19 April, 2015
The World Economic Forum on East Asia is taking place this weekend in Indonesia's capital, Jakarta. IHS Global Insight studies economic conditions around the world. The company believes that, in two years, Indonesia will become Asia's latest trillion-dollar economy. Its reason: a jump in the gross domestic product or GDP, the total value of goods and services produced within a country.
IHS Global Insight predicts that by 2023, Indonesia's GDP will double to two trillion dollars. It also thinks Indonesia's GDP will rise to three trillion dollars by 2028.
The company expects Indonesia will have a larger gross domestic product than Russia by 2021. It says Indonesia's expanding middle class will make the country the largest market for consumer goods in the Association of Southeast Asian Nations.
IHS Global Insight chief economist Rajiv Biswas spoke with VOA's Victor Beattie about Indonesian President Joko Widodo, also known as Jokowi. Mr. Biswas noted how the president launched a major program to improve his country's power supplies, roads and other infrastructure.
"That has been very much part of his election platform, and in his early months of office, it's clear that he has a strong focus on that. And that is something that Indonesia very much needs. Indonesia is one of the Asian economies that is relatively underdeveloped in terms of infrastructure."
Rajiv Biswas says the spending on ports, roads and public services will help to fuel Indonesia's economic growth. The current growth rate is five percent a year. But it was about six and one-half percent a few years ago. Mr. Biswas says the government debt to GDP rate is low for Indonesia when compared to past rates. He says the former government did a very good job in reducing government debt levels.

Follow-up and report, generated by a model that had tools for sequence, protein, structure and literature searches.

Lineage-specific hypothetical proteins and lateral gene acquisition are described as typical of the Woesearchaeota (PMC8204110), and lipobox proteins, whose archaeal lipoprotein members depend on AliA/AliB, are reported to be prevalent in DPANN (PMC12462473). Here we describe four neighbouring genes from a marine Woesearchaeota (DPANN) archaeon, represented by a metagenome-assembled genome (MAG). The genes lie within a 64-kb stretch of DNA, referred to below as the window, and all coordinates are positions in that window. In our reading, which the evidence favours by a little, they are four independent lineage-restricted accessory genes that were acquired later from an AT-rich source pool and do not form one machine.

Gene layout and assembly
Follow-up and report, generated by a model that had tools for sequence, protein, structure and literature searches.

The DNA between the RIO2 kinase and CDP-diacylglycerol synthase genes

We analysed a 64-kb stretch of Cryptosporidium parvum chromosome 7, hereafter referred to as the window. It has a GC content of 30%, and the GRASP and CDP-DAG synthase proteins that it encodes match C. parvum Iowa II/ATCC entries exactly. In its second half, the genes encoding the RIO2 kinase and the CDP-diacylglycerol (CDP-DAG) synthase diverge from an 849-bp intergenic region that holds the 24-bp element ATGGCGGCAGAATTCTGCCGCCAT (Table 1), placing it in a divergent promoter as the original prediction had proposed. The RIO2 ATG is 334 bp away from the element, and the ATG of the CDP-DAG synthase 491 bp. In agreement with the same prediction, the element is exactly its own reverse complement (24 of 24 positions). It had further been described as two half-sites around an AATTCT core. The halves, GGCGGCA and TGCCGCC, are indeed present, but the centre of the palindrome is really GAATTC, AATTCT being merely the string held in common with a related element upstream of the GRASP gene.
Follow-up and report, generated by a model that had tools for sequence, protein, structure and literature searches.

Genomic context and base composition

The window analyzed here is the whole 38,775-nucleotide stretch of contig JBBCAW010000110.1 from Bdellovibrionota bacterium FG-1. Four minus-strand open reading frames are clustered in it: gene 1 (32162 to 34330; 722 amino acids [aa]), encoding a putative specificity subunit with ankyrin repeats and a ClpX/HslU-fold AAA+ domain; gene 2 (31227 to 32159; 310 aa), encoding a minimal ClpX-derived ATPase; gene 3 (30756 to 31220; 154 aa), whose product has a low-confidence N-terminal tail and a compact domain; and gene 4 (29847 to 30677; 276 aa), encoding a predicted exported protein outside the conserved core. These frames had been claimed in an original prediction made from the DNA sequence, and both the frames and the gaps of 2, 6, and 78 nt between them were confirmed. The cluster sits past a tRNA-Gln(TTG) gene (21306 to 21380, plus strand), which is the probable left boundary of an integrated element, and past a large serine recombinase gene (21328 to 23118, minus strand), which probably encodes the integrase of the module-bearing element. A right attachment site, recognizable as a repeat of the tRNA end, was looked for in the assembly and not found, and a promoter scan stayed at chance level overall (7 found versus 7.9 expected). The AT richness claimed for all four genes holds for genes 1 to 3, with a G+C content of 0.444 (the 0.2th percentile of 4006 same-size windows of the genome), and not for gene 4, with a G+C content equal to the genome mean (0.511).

Early in his administration, President Joko Widodo announced cuts in government fuel subsidies. For years the Indonesian government had used public spending to keep fuel prices low. The decision to cut subsidies was unpopular, but Rajiv Biswas says, it helped the economy.
"The fuel subsidy reform was very, very important because it was a heavy drain on their government expenditure in a rather unproductive form of just giving fuel subsidies to the entire population ... They will also be able to divert a lot of that money that would have been spending on fuel subsidies, towards infrastructure development, which is much more productive in the long-term for the economy."
Rajiv Biswas says automobile sales have jumped over the past five to seven years because of a rise in pay among Indonesia's middle class. He expects to see a pick-up in auto sales if the economy can grow at a rate of six to seven percent a year.
He adds that Indonesia still rates low on the World Bank's Ease of Doing Business Index. He says the country needs to increase manufacturing exports and create jobs.
IHS Global Insight reports that more than two million young people are joining the Indonesian labor force each year. It says continued job growth is necessary to avoid the risk of social unrest.
Yet the company estimates total per person GDP in Indonesia will rise from $3,400 this year to around $8,700 by 2025. It says this might give the Indonesian government a greater voice in international financial organizations and possibly the group of five nations known as BRICS. The five are Brazil, Russia, India, China and South Africa.
I'm Jim Tedder.
This report was based on a story from VOA's Victor Beattie. George Grow wrote it for Learning English. Hai Do was the editor.
Words in this Story
weekend – n. the end of the week; usually Saturday or Sunday
domestic – adj. relating to or made in your own country
consumer – adj. relating to one's use of goods or products
infrastructure – n. required equipment or structures for an area (such as roads, bridges, power supplies and/or public services)
subsidies – n. financial assistance, usually paid by a government, to keep prices low